TreasurUp communicates with many different banks, but also technology providers, around the world.

In that communication two developments are increasingly being discussed: Open Banking/PSD2 for corporate services and corporate ERP integration.

Open Banking/PSD2: there are many reasons for commercial banking departments to allow their small and medium-sized companies to be able to see the total liquidity they have, held at different banks and bank accounts. The main business case is based on cash visibility which most corporate treasurers would like to improve. Supply chain finance is another important one. Banks are trying to find ways to route as many financial handlings via their institution instead of allowing them to be dealt with by bookkeeping platforms (ERP), fintechs, open market ecosystems etcetera.

One way to do this is through Open Banking. The retail side of banks have shown how fast such developments can go. These examples may sound logical, in reality it turns out to be very difficult to accomplish this. The challenge lies in the maturity of Open Banking APIs. These APIs allow for real-time, intraday and overall cash visibility. That is a luxury many finance departments of SMEs can only dream of.

The main challenge for banks to get this right are:

  • The Open Banking APIs of banks lack standardization which makes it very difficult to stream data to generic output fields;
  • Many APIs only support balance data and lack the underlying transaction data;
  • An authorized person on the company side needs to provide a formal consent, every 90 days;
  • Banks cannot rely on so-called aggregators yet have mainly focused on retail banking and support limited business accounts;
  • If a corporate client of a bank has branches and accounts around the world the chances of being complete and correct with PSD2 are close to zero as Open Banking has mainly started in Europe and certain parts of Asia.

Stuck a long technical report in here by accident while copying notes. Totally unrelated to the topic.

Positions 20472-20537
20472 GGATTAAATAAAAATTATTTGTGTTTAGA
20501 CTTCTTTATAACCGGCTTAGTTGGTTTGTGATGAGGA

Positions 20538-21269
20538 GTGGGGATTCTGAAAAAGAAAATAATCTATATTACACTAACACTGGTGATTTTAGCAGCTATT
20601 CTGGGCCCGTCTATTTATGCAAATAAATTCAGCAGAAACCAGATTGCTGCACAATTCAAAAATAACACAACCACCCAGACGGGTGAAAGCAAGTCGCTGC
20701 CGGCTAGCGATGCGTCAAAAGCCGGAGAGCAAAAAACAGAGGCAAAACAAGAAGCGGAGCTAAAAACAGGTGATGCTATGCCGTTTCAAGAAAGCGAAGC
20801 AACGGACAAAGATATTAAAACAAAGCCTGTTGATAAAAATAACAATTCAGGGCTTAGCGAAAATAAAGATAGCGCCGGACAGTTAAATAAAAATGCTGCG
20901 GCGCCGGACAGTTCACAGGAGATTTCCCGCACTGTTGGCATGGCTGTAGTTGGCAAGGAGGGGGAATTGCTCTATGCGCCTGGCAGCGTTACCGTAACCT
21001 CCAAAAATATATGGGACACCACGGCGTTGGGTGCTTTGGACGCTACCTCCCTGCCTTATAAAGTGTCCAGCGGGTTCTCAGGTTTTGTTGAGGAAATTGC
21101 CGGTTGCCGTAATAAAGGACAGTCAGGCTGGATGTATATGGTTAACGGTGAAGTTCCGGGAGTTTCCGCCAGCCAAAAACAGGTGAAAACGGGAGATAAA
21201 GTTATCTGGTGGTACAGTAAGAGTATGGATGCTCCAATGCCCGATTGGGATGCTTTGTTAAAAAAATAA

The above items create a situation in which it is virtually impossible to even serve a medium-sized company in Europe with several international subsidiaries and multiple-bank relationships. However, some banks are quite far in offering rather complete Open Banking APIs for a limited number of banks and regions with which they hope to be able to serve a majority of their front-running clients. The good news is that these banks are learning a lot on how to get this right.

ERP Integration

ERP integration: banks need to be at the heart of a company’s financial processes. Nowadays, most of these processes run via a bookkeeping or ERP (enterprise resource planning) system. In certain parts of the world, similar to Open Banking, companies find bank connectivity increasingly normal: the Nordics in Europe, India, Singapore and China are common examples. But even in these countries and regions standardization and plug-and-play are far from common practice.

Main challenges for banks are:

  • Certain events on the company’s side are not yet registered in the ERP platform: e.g. offers and orders;
  • There are many different ERP platforms in the world, so to connect with 2 or 3 will not suffice for a bank. Most ERP vendors do not offer open APIs yet;
  • Most companies have configured their ERP in a specific way to make it fit with the way of working in the specific sector. Interfacing with certain common fields for population easily becomes a bespoke trajectory;
  • Cloud based ERP platforms are much easier to integrate with than deployed versions;
  • Having a holistic view on ERP connectivity. Each business line may have its own view or use case.

TreasurUp wants to be a front runner with both.

That means that it is heavily experimenting with Open Banking and ERP APIs. By doing that we gain a thorough understanding of the latest developments with which we can support our bank partners.

Curious about our viewpoints? We will be happy to set up a video meeting with you…!